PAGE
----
Five Common Pitfalls When Delivering a Correction
Delivering correction to a team member can be uncomfortable. That discomfort can cause us to unknowingly do things that make it hard for someone to hear what we’re trying to say. Most of these pitfalls stem from doing things to “soften the blow,” but if we’re honest they just lower our anxiety and make us feel better about delivering the message, but don’t help the person receive the message they need to hear.
Here are a few common pitfalls to avoid:
1. Sugarcoating – It’s easy for us to make something appear better than it really is, even unintentionally. Like artificial sugar, it may be sweet, but it’s not healthy.
2. Praise Sandwich – Before delivering unpleasant feedback, it’s common to start by saying something nice. Many of us do – and we unwittingly condition people to hear our positive feedback as a hollow preamble to the real message. Rather than feeling genuinely appreciated, they’re waiting for the other shoe to drop. This pattern undermines our ability to give sincere compliments or feedback. We should just be honest and share what we have to say.
3. Chatty Kathy – Sometimes we should say what we need to say and shut up. Silence is not always a bad thing! We can sometimes talk ourselves into a mess.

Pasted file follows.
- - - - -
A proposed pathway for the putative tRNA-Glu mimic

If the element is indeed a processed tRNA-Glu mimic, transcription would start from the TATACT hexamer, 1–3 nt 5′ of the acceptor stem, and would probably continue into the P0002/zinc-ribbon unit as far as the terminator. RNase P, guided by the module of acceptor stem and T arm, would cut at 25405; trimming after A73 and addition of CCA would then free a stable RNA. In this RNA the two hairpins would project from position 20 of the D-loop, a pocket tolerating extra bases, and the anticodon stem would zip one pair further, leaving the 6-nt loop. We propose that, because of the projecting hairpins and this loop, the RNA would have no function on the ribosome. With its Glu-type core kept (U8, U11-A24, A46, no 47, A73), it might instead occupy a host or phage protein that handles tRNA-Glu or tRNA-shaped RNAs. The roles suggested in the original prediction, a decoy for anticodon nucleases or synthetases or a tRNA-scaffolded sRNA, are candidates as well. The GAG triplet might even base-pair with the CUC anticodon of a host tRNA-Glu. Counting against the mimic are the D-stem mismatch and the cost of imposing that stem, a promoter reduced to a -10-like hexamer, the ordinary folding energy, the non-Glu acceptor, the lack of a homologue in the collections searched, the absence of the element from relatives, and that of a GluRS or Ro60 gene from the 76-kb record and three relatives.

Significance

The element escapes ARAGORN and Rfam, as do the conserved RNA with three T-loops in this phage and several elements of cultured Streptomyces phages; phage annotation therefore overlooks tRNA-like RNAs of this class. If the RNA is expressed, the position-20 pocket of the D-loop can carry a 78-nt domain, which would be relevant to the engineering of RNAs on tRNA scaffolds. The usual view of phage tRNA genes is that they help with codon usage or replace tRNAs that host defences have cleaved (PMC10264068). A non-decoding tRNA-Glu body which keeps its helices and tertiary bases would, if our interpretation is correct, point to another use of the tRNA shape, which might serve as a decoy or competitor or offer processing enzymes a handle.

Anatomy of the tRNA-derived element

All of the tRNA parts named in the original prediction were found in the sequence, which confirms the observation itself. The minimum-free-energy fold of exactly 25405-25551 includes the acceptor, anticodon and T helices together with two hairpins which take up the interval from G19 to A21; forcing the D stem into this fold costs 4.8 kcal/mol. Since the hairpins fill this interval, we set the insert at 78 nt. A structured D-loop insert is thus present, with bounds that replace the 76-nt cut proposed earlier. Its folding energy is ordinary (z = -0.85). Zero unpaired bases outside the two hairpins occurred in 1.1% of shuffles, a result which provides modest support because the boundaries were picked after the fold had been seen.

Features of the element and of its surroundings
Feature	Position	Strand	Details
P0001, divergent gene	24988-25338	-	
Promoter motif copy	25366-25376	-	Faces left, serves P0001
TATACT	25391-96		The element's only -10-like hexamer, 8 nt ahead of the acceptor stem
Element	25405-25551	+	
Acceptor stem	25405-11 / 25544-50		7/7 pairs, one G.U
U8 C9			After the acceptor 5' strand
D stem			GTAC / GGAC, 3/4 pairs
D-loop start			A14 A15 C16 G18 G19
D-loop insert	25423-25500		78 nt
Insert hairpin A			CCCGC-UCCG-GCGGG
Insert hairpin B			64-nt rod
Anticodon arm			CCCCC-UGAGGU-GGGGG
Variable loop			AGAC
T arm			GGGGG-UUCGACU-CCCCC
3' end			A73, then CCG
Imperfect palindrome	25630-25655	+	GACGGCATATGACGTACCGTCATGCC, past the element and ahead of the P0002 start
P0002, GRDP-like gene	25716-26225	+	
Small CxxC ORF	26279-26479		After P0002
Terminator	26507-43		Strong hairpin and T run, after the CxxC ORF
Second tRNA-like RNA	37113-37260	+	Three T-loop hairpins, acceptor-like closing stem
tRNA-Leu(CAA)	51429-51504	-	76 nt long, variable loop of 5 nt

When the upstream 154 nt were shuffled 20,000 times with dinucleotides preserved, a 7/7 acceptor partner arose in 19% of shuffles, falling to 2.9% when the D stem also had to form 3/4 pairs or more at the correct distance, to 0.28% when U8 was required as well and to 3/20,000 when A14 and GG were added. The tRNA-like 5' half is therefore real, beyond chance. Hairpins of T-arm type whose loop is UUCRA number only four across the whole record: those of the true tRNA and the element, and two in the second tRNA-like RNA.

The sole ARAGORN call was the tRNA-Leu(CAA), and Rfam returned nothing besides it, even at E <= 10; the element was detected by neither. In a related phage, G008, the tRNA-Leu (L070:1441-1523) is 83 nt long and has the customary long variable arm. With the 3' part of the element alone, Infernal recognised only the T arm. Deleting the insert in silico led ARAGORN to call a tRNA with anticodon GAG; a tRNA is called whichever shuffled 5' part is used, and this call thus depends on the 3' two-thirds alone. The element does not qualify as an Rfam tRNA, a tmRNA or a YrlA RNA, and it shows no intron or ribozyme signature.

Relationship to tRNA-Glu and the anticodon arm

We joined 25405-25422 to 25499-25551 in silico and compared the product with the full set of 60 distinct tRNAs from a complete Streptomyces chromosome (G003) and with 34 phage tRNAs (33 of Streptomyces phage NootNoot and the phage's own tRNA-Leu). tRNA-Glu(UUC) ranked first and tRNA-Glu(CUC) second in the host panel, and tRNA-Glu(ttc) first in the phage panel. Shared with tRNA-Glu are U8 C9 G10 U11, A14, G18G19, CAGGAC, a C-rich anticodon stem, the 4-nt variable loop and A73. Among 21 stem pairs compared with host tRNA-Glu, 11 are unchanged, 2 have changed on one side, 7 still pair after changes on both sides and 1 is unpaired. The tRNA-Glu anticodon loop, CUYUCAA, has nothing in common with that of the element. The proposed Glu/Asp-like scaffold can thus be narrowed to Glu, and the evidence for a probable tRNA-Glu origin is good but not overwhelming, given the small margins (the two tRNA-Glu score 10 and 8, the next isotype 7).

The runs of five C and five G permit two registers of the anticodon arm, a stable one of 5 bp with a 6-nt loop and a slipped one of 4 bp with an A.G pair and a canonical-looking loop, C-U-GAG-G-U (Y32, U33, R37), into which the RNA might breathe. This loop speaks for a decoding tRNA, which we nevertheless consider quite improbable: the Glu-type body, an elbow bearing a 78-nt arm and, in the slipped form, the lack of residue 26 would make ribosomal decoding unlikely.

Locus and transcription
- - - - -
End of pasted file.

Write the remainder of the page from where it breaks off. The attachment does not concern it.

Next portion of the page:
“When there are many words, transgression is unavoidable, But he who restrains his lips is wise.” – Proverbs 10:19.
We should say what we need to, and give them space to process it.
4. Dwelling on it – It can be so easy to make a correction feel heavier than it needs to be if we sit on it too long. When we know a correction needs to be made, go talk to them about it.
Don’t just sit there and think about it or make excuses for why you can’t or shouldn’t do it.
5. The Drive By – This is not a hit-and-run! This is the polar opposite issue from the Chatty Kathy. Being too short and direct can come off as cold and uncaring, and it will harm the relationship. Don’t rush the conversation, and always give them the WHY behind the correction.
As we keep these points in mind and lean into the discomfort, these conversations can begin to shape a more accountable, loving and Kingdom-centered culture.